Comparison of Laser Marking Process with other marking processes:
|Marking Process||Speed||Permanence||Image Flexibility|
|Casting / Molding||Good||Good||Poor|
|CO2 Mask Marker||Good||Moderate||Poor|
Lasers are rated at different classifications based on the level of exposure.
|CLASS I||Class I lasers are low-powered devices that are considered safe from all potential hazards. Some examples of Class I laser usage are: laser printers, CD players, etc. No individual, regardless of exposure conditions to the eyes or skin, would be expected to be injured by a Class I laser.|
|CLASS II||Class II lasers are low power (< 1mW), visible light lasers that could possibly cause damage to a person’s eyes. Some examples of Class II laser use are: classroom demonstrations, laser pointers, aiming devices, and range finding equipment. If class II laser beams are directly viewed for long periods of time (i.e. > 15 minutes) damage to the eyes could result. Avoid looking into a Class II laser beam or pointing a Class II laser beam into another person’s eyes. Avoid viewing Class II laser beams with telescopic devices. Realize that the bright light of a Class II laser beam into your eyes will cause a normal reaction to look away or close your eyes. This response is expected to protect you from Class II laser damage to the eyes.|
|CLASS III||Class IIIa lasers are continuous wave, intermediate power (1-5 mW) devices. Some examples of Class IIIa laser uses are the same as Class II lasers with the most popular uses being laser pointers and laser scanners. Direct viewing of the Class IIIa laser beam could be hazardous to the eyes. Do not view the Class IIIa laser beam directly. Do not point a Class IIIa laser beam into another person’s eye. Do not view a Class IIIa laser beam with telescopic devices; this amplifies the problem.|
|CLASS III B||Class IIIb lasers are intermediate power (c.w. 5-500 mW or pulsed 10 J/cm²) devices. Some examples of Class IIIb laser uses are spectrometry, stereolithography, and entertainment light shows. Direct viewing of the Class IIIb laser beam is hazardous to the eye and diffuse reflections of the beam can also be hazardous to the eye. Do not view the Class IIIb laser beam directly. Do not view a Class IIIb laser beam with telescopic devices; this amplifies the problem. Whenever occupying a laser controlled area, wear the proper eye protection.|
|CLASS IV||Class IV lasers are high power (c.w. > 500mw or pulsed > 10J/cm²) devices. Some examples of Class IV laser use are surgery, research, drilling, cutting, welding, marking and micromachining. The direct beam and diffuse reflections from Class IV lasers are hazardous to the eyes and skin. Class IV laser devices can also be a fire hazard depending on the reaction of the target when struck. Much greater controls are required to ensure the safe operation of this class of laser devices. Whenever occupying a laser controlled area, wear the proper eye protection. Most laser eye injuries occur from reflected beams of class IV laser light, so keep all reflective materials away from the beam. Do not place your hand or any other body part into the class IV laser beam. The pain and smell of burned flesh will let you know if this happens. Realize the dangers involved in the use of Class IV lasers and please use common sense.|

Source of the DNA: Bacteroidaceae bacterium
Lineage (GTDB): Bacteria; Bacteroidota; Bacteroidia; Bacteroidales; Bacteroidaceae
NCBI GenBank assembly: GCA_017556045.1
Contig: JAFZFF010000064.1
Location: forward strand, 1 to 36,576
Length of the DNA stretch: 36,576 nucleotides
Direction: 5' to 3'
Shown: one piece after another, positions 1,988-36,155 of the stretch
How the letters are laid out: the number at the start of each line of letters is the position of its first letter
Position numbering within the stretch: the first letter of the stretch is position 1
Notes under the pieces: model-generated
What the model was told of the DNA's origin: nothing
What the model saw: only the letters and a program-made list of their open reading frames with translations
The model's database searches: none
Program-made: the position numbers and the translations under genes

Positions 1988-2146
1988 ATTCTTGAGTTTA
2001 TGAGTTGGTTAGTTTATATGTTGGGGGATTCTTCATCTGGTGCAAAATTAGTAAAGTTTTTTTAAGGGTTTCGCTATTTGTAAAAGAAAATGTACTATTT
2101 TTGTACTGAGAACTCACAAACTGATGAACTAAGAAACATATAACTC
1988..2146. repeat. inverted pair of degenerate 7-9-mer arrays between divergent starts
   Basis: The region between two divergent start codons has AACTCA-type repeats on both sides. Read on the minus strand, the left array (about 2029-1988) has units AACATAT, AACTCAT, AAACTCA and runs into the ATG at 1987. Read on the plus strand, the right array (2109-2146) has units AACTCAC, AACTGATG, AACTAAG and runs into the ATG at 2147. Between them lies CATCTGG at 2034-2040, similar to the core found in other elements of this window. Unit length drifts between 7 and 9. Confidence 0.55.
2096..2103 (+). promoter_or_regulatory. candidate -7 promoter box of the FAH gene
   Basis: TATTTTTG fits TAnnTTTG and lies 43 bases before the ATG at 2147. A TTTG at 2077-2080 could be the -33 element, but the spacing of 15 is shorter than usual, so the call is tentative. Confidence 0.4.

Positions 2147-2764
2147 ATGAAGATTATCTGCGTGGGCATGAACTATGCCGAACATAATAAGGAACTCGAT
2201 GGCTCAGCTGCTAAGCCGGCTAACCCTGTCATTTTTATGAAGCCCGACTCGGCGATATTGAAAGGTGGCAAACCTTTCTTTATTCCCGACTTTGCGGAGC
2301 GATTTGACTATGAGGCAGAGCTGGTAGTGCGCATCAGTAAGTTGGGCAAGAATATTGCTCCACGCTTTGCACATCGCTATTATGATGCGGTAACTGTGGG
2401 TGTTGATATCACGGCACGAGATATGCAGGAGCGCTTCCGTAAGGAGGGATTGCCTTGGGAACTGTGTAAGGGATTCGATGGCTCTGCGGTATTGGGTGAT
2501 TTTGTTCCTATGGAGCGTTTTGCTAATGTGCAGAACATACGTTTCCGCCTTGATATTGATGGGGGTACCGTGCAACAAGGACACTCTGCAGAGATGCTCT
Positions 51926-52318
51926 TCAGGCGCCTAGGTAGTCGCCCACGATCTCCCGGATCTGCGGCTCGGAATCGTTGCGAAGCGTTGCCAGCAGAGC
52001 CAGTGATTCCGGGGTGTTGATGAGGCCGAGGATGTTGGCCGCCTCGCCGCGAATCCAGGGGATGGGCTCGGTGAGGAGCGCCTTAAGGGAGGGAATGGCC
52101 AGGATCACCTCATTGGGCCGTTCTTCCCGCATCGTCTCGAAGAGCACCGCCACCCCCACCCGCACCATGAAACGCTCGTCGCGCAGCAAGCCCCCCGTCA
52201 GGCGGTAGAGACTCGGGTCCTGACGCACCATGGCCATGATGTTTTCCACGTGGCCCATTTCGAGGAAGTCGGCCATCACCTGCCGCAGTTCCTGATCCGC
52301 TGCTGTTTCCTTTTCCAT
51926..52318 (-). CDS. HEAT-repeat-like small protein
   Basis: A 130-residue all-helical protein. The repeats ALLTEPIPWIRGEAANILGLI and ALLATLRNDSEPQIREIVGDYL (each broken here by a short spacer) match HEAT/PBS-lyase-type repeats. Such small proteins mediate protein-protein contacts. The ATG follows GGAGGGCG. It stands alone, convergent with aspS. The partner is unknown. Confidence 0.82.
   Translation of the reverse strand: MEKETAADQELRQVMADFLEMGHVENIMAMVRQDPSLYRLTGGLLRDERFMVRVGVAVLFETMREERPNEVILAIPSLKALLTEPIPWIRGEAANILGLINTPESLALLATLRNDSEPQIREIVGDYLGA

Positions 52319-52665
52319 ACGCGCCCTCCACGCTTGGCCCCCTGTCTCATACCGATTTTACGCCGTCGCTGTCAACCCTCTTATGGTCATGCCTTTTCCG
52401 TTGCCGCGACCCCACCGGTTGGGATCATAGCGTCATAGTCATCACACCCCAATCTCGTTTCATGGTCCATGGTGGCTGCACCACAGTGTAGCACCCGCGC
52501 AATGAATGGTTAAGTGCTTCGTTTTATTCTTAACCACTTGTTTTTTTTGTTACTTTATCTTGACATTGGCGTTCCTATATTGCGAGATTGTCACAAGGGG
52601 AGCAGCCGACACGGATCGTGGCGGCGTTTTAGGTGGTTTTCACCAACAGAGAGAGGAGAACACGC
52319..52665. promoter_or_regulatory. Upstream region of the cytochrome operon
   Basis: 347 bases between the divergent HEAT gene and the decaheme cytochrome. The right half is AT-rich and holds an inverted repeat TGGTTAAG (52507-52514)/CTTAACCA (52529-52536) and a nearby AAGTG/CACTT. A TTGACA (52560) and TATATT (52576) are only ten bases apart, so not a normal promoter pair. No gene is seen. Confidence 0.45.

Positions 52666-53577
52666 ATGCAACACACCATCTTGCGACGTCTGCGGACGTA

Physics of XRF
High energy photons emitted by an X-ray tube interact with matter. The high-energy photon is absorbed by an electron of the atom. This electron is accelerated and forced to leave the atom. The so-created hole in the structure of the electron shell is filled up by an electron of higher energy. The difference in energy between the leaving electrons position and the filling up electron may leave the atom as a photon of defined energy or as an electron. In the case of a leaving photon, this process is called X-ray fluorescence and the energy of the leaving photon is characteristic for this atom and therefore for the element. The electron shells of an atom are called K-, L-, M-shell. Filling up a hole in the K–shell creates K–radiation (Ká, if the filling up electron has, is origin in the L–shell; Ká, if the filling up electron has, is origin in the M–shell). Filling up a hole in the L–shell creates L–radiation and so on. Only K and L radiation are of interest because the energy of K and L radiation is in the region which can be detected with standard detectors.